You can take preparation a step further by doing a little homework on your artist (if you don’t already know them). A few minutes sampling their previous material online can go a long way in connecting with the artist during the session.
To perform at their peak, an artist needs to focus on what he or she does best. Remember that when the artist is there to perform, it is the only thing that they should be concerned with. A dizzying task list and chaotic work environment makes it difficult for them to focus.
It’s obviously important to scale your authority based on the performer’s preferences, but until they say otherwise, it’s safe to assume that as a producer, you are running the show.
Explain WHY there is no need to be nervous
Even if an artist doesn’t seem nervous or has recording experience, reiterate that the creative process gets a bit silly at times and your studio is one place where they can let go and get experimental.
When you make suggestions, explain that it comes from a place of creativity, not judgement. They must understand that you are there to create with them, not just put up with them. If necessary, repeat this throughout the session to keep your performer from clamming up.
It’s also worth noting that you can relieve some apprehension by instructing the artist to run through a few warm-up takes just to get their comfort level up before ever recording a note.
Feed their ego…If it’s hungry
While there’s no need to be a kiss-ass, if you hear something genuinely good coming from the performance, acknowledge it. Scale the amount of encouragement to match ego size.
You know, it’s a funny thing. If kept in check, a healthy ego can produce enough confidence to drive a great performance. That same ego has the power to overtake the creative process and turn a collaboration into a dictatorship. Do your best to sense the tipping point and maintain balance.
Be brutally honest, but kind
Your reaction to their performance WILL make or break future takes. If something isn’t right, sometimes it just takes a quick heads up. DO NOT beat them up about it. Check your frustrations at the door and stay positive at all costs.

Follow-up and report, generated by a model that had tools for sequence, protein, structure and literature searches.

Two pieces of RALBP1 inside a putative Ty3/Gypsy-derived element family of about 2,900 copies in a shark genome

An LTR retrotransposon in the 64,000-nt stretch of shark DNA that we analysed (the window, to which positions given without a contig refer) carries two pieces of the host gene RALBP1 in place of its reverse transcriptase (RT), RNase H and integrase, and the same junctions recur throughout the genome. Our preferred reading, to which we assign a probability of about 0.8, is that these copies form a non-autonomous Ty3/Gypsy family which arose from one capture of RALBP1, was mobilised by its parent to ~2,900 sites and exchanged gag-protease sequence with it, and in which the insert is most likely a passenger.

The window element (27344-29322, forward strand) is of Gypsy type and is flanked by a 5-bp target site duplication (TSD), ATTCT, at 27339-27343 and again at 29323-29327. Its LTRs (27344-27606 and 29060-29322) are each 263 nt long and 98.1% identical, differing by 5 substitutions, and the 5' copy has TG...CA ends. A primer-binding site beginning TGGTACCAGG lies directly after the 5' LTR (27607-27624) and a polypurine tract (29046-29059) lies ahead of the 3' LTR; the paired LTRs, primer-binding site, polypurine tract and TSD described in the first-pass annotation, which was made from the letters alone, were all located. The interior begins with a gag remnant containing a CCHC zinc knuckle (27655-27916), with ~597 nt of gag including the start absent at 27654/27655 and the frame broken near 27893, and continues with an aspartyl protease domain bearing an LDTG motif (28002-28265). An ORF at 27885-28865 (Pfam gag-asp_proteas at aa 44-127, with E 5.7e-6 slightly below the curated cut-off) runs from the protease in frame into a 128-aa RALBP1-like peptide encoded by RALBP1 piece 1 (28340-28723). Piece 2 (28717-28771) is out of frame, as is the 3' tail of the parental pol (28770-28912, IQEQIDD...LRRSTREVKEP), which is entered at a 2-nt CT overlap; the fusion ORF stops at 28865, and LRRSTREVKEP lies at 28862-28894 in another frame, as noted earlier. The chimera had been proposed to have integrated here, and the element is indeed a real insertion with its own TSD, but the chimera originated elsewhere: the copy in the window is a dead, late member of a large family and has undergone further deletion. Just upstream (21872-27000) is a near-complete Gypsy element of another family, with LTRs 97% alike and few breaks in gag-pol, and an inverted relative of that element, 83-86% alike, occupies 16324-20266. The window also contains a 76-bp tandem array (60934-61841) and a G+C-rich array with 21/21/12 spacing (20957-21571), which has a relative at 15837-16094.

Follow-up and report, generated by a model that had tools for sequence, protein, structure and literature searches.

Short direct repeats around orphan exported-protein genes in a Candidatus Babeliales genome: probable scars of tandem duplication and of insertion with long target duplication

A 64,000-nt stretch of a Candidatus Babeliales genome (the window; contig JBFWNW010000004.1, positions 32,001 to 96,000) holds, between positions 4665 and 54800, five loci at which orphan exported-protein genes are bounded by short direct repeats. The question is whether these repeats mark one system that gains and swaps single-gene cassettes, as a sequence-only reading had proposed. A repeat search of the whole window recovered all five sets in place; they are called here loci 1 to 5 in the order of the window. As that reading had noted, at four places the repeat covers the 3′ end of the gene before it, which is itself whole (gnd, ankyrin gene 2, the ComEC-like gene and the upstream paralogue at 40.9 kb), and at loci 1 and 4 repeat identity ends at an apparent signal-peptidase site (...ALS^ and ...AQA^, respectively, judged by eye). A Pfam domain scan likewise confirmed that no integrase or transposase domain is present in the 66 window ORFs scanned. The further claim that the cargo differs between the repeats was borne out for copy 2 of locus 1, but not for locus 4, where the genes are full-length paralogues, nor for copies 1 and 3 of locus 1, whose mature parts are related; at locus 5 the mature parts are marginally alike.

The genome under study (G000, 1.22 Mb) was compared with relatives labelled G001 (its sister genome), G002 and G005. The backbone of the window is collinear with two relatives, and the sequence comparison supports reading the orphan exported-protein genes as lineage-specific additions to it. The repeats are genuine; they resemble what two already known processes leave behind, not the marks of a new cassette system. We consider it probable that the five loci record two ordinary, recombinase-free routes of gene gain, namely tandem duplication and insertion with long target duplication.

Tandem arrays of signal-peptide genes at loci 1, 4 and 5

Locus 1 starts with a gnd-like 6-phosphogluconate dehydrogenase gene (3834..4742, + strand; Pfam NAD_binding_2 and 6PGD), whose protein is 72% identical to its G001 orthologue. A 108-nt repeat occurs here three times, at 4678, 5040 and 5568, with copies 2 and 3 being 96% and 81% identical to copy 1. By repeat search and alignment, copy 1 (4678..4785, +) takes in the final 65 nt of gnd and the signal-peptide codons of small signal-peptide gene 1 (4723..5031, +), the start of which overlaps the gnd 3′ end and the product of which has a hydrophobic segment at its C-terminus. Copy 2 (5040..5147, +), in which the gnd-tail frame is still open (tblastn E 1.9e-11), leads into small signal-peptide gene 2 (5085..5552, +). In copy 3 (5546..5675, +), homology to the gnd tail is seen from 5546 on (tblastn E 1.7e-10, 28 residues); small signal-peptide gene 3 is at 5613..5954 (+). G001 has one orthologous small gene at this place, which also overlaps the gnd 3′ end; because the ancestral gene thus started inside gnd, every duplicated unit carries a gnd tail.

Disagreements are going to happen and it’s important to take the time to get in their heads and understand their point of view. Never pressure your performer or make an attack on their skill or performance. Take breaks. Record multiple variations where there is doubt, and keep your artist from brooding.
You can worry about battling it out when the performance isn’t on the line.
Be ready to seed the creative process
Artists choke; it happens. Whether it be stage fright, writer’s block, lack of inspiration, or simply lack of vision, it helps to be prepared to give creative advice.
How do you do this? Assuming you’re a musician yourself, keep an instrument near-by. Take a few minutes to warm up your voice before the session (even if you’re not a singer, this can be necessary). In short, just prepare yourself to perform along-side the performer.
There’s no way to really get around first-day jitters, but these points do an amazing job at minimizing awkwardness when tracking starts. The artist will genuinely appreciate the A-List treatment and it will usually result in better output on their part. That’s what we’re really going for, isn’t it?